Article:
Camesano, Terri A.
McGimpsey, William Grant
Amphiphilic polymers act as surfactants for oil-in-water emulsions. There is no doubt that emulsions promise a better means of delivery as far as rate and quantity are concerned, but the key to controlling these factors lies in the polymeric surfactant holding the emulsion together. Currently, release of medications in vivo is an uncontrolled and unsustainable process. Nanocapsules containing drug are potential means of drug delivery that can be moderated with the use of biocompatible oils dispersed as tiny droplets in water. The goal of this project was to continue past research using polysaccharide as surfactants in emulsions intended for drug delivery. The most stable emulsions were obtained using 10 grams per liter of hydrophobically modified dextran (DexP) and Miglyol (triglyceride) oil. This emulsion also offered gradual, regular drug release rates and resisted aggregation after lyophilization. Research was performed in collaboration with WPI and ENSIC.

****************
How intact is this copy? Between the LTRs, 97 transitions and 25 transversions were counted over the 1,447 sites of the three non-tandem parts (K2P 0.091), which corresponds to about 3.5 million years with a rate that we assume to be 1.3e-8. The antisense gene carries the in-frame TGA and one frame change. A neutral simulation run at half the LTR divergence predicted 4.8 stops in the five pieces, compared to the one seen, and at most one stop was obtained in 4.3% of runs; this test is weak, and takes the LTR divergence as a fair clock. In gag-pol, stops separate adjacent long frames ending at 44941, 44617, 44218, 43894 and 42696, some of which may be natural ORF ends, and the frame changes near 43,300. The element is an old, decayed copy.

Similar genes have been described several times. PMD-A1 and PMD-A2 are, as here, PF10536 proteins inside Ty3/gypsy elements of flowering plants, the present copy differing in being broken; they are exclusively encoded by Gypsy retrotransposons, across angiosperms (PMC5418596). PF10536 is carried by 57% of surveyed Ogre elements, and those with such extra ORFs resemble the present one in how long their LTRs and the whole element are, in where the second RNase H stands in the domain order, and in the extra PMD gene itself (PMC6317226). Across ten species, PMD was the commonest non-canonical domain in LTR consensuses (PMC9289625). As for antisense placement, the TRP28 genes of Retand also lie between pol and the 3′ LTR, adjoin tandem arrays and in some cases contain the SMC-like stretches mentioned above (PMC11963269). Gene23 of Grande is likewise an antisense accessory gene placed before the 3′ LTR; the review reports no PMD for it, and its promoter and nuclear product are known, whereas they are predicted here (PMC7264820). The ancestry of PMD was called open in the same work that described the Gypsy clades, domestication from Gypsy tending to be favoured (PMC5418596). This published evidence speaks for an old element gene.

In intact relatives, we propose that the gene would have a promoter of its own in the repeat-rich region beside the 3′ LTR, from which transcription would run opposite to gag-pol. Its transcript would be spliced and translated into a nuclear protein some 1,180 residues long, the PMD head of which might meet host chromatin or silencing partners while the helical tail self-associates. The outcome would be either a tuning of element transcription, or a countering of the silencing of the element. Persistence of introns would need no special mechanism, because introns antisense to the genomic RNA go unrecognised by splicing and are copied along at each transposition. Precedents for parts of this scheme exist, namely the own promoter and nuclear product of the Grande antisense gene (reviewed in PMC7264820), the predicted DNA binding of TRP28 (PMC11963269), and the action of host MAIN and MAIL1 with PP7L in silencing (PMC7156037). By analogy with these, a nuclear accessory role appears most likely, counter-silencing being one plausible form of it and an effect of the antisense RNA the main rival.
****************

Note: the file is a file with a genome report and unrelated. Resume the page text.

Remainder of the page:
Worcester Polytechnic Institute
Major Qualifying Project
Access to this report is limited to members of the WPI community. Please contact a project advisor or their department to request access
Restricted-WPI community only
Chemistry and Biochemistry